YOU ARE HERE: LAT HomeCollections

VIDEO GAMES REVIEW / AARON CURTISS : Clash of the Titans : Players can pit super-heroes against each other to find out which one is the mightiest.

June 23, 1995|AARON CURTISS


Justice League Task Force

Who among us has not wondered which super-hero is the mightiest? I mean, if you put Batman and Green Arrow in the ring together, who would be standing after three rounds?

Justice League Task Force turns that question into an entire game in which various members of the Justice League of America are pitted against each other.

Not ordinarily a big fan of games like Mortal Kombat, I actually enjoyed Justice League Task Force. The violence, after all, was between two superhumans and the gore factor was minimal. In other words, you won't see Flash pulling out Batman's spinal cord.

The super-friends are fighting each other because the villainous Darkseid, in a drive for world domination, has created an army of robots that look exactly like--you guessed it--our favorite DC Comics heroes.

Players can choose to follow that story line and fight against computer foes or can play head to head against another person. Controls are smooth and straightforward. Special moves are fairly easy to master. Graphics are simple but clear.

One problem with the game, though, is that Superman is among the pantheon of heroes from which players can choose. Come on! Does anyone really believe that Aquaman could come close to kicking Superman's butt?

PLATFORMS: Super Nintendo



Surgical Strike

If for no more lofty reason, one should hope for an end to world terrorism so video game designers can abandon the slew of games like Surgical Strike that are just plain bad.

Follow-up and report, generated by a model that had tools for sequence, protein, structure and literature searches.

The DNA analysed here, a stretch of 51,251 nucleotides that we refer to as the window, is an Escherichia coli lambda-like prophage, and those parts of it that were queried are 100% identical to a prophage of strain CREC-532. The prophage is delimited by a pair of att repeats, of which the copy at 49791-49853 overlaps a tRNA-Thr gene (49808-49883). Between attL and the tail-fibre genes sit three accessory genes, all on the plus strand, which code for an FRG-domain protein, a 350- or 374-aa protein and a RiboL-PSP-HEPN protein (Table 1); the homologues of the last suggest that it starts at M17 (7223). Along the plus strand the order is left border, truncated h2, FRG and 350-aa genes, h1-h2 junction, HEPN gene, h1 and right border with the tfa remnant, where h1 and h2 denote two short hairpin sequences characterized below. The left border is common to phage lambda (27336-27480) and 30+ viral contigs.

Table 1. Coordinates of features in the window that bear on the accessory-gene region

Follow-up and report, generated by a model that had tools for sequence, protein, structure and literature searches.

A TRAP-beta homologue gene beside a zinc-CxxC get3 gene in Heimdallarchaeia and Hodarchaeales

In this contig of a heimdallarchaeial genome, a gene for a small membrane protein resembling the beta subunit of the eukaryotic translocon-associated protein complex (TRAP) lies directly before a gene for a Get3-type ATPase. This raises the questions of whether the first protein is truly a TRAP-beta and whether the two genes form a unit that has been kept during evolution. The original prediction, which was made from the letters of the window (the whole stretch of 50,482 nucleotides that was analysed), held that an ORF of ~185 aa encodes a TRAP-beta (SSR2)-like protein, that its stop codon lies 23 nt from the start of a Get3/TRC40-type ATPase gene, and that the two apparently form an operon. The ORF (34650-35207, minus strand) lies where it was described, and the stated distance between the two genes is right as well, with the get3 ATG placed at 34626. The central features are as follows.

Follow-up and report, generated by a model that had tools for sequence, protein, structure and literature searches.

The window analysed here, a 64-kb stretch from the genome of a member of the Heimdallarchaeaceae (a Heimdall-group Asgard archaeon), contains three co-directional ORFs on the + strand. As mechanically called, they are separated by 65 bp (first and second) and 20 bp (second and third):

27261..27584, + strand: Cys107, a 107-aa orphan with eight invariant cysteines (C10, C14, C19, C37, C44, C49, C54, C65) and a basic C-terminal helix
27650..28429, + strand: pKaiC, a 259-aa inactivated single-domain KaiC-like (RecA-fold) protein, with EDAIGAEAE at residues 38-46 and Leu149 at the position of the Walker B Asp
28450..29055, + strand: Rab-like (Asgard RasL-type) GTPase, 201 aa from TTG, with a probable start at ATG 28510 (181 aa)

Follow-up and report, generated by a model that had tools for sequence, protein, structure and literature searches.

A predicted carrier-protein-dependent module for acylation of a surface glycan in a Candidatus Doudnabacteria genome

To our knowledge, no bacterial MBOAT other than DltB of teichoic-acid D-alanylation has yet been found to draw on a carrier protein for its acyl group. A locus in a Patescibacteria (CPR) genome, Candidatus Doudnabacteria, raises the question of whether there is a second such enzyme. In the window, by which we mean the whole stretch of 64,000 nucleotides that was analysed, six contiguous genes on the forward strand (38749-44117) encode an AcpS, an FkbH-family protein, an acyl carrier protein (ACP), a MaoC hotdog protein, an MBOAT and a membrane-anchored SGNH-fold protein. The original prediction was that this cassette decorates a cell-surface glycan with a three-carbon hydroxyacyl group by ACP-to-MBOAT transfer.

In this frankly boring take on the all-too-familiar seek-and-destroy genre, the sole twist is that the special forces hunting the terrorist Kabul fly armored Hovercrafts. Neat, but not enough to build a game around.

I enjoyed very little about Surgical Strike and found myself hoping that each turn would reveal something new to redeem the game. Never happened. From the overbearing commander to the recon specialist who "looks more like an aerobics instructor," Surgical Strike is one cliche after another.

Add to this all the limitations of the Sega CD. Rather than recognizing the constraints of the system, it appears that the designers tried to cram as much as they could onto the disc, regardless of how well it worked.

The video is poor. The sluggish transfer rate of the Sega CD means the game is riddled with pauses as targets explode.

In all fairness, Sega offers a version that runs with the 32X peripheral and undoubtedly looks better. But in my mind, games should stand on their own.




Theme Park

Despite all the hoo-ha--most of it from Atari--over the capabilities of the 64-bit Atari Jaguar, games ported over from other platforms just don't seem to measure up.

Case in point: Theme Park. Although still a very fun game, Theme Park on the Jaguar is a pared-down version missing many of the nicest features from the PC CD-ROM and 3DO versions. It makes clear the limitations of cartridge-based Jaguar when stacked against disk-based systems.

Theme Park allows players to build and run an amusement park and puts them in charge of everything from stocking novelty shops and cleaning the restrooms to setting ticket prices and developing new rides.

Although it sounds at first like a kiddie game, Theme Park is actually as challenging and engaging as the various versions of Sim City. Even in the sandbox mode, children might find it too difficult to be much fun.

Unfortunately, one of the coolest things about the game was left out of the Jaguar version.

Players are unable to take a spin on the rides they build. Anyone who has played the PC or 3DO versions of Theme Park will agree that these first-person animations are a hoot.

On the plus side, though, the Jaguar cartridge allows players without more expensive machines to enjoy the primary features of Theme Park.


RATING: Cool on Jaguar, but even cooler on other platforms

Ratings: Insane, the very best; cool games are, of course, cool; mediocre, better borrowed than bought; suck, games at the bottom of the barrel.

Staff writer Aaron Curtiss reviews video games on the second and fourth Friday every month in Valley Life! If you would like to comment on a column or suggest games for review, send letters to The Times, 20000 Prairie St., Chatsworth 91311. Or send him an e-mail message at

Los Angeles Times Articles